The Power 5 conferences’ TV rights deals begin to expire in 2023-24. Obviously, there will be demand to broadcast these games. But the response from the market will be driven by completely different factors.
Until now, everything has been driven by the economics of cable. Cable only sell channels in large packages, because they have high infrastructure costs to meet, and until recently, you had no choice anyway. So you subscribed to a bloated package of 50 or more channels. Most channels cost only a few cents per month, but sports channels are ludicrously expensive. ESPN costs each cable subscriber $9 a month, even if they never turn it on. Against that set of rules, conferences can pressure cable providers into carry their channel, or be deluged with angry calls from State U fans if they don’t.
Now, cable TV is under pressure. Streaming services and cord-cutting are, well, cutting into their profitability. Furthermore, the conference TV channels aren’t performing as well as cable would like. Most damning of all: most of these big conference TV contracts were signed before these trends really kicked in. There’s a good chance that by 2024, the current conference TV deals will look like Alex Rodriguez’s $250 million contract with the Texas Rangers. Which means the Big Ten won’t have $759 million in total revenue to pay their member schools $30-50 million a year. To put that figure in perspective, NCAA’s total revenue is about $1 billion a year, and 80 percent of that is the NCAA Men’s Basketball Tournament.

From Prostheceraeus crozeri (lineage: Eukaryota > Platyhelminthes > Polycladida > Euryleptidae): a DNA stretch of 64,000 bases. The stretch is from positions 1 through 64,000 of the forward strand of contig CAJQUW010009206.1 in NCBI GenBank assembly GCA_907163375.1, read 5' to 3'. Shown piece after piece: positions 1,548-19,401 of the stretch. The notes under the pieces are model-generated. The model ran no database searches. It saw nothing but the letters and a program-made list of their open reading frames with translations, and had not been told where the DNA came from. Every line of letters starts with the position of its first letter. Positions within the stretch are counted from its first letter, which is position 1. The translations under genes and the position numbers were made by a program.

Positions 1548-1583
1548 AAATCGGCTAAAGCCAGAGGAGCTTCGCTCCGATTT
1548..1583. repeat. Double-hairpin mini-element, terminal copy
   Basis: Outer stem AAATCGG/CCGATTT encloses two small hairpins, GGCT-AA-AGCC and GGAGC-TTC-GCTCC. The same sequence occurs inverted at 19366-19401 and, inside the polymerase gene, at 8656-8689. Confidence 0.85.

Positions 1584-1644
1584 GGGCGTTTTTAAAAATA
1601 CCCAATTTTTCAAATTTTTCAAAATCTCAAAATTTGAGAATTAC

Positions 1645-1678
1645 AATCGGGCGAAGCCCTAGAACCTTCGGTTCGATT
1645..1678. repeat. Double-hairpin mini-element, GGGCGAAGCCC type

Also by mid-decade, the streaming services will be a new bidder for college sports content. There are already some lower-tier NCAA games on Facebook Live. The knee-jerk response is that more competition would drive prices up; however, streaming services offer better efficiency. Their business model is customers picking and choosing the content they want, not bloated packages that charge everybody. They’re also not tied to factors like media market size. Good news for East Carolina, I guess.
Though we shouldn’t be rooting too hard for chaos. If there’s less TV money for the Power 5 conferences, then there’s a lot less money for the rest of us. A more even playing field might seem like a boon, but decreased revenue runs into another new problem:
Players will be paid.
The state of California passed SB 206, which allows student-athletes to be compensated for their image and likeness. Other states are following suit. In reality, this is theater to pressure the NCAA to deal with the problem. They’ll delay it as long as they can, but there are enough amateurism lawsuits in the hopper to make not dealing with the problem the worse option.
“Image and likeness” will be the foot in the door that “medical purposes” was for other green, plant-based substances. There’s plenty of things that need to be “endorsed”, and a lot of them are owned by football-supporting alumni.